When should you flush brake fluid
Some car makers say you should flush brake fluid every two years. Here’s why. Brake fluid is hygroscopic, so it absorbs water. Water in brake fluid reduces its boiling point and that reduces your braking ability. Brake fluid also contains anti-corrosive additives and those wear out over time.
Your shop says brake fluid looks dark
Brake fluid flushes usually come up when the shop lets you know that your brake fluid looks dark. But bobody can determine the condition of your brake fluid with just a visual inspection. There are two tests to determine if the fluid needs to be changed. The first is a test strip that checks the level of copper in the fluid. The inside of the brake lines are brazed with copper. As the anti corrosion additives wear out, copper dissolves into the brake fluid.
The second test is done with a moisture meter. Dip a tester into the fluid and it tells you when the moisture level exceeds a certain level.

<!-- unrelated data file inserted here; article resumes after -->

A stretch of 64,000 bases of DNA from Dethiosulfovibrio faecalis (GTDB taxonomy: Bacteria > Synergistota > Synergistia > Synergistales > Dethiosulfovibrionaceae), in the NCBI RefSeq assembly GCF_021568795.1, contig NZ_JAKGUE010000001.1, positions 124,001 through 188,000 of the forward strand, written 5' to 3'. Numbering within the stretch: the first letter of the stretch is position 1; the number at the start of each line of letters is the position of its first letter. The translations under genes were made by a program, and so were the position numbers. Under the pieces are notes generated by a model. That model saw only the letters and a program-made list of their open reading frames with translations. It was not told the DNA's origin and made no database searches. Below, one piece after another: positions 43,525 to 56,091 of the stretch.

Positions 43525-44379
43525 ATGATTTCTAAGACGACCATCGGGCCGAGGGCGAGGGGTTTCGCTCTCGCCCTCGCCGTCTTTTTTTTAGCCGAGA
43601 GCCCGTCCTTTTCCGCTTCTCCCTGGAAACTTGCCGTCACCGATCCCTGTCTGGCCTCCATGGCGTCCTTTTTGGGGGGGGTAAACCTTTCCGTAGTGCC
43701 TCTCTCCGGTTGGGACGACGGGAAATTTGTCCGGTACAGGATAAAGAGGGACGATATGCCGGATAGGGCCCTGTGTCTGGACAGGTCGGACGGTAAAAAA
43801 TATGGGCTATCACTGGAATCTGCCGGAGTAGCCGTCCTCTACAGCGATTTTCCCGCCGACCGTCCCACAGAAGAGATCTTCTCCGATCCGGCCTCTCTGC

Is brake fluid flushing a scam?
Not really. But it depends on whether the shop actually tested your fluid or is just recommending it to add to their bottom line.
How can you avoid getting scammed on a brake fluid flush?
Buy a package of brake fluid test strips. Open the brake fluid
reservoir and dip the strip into the fluid. Wait the recommended amount of time for the strip to change color. Then compare the color to the chart on the package. If the chart shows the fluid is old, change it. If not, don’t.
Where’s the best place to get a brake fluid flush?
Avoid oil change shops. PLEASE! If you read the news, you already know that the chain operated shops are known for scamming customers. How do they scam you on a brake fluid flush? Simple. They use a turkey baster and suck the dark fluid out of the brake fluid reservoir. Then they add clean looking fluid. They never actually bleed the old fluid out of the system.
So find a reputable independent repair shop. Read this post first before you start looking for a good mechanic.
If you’re doing your own brake fluid flush
Always suck the brake fluid out of the master cylinder reservoir before using a pressure bleeder to flush the rest of the system. If you don’t you’ll push sediment into the ABS mechanism and that will cause problems.
©, 2016 Rick Muscoplat
Posted on by Rick Muscoplat
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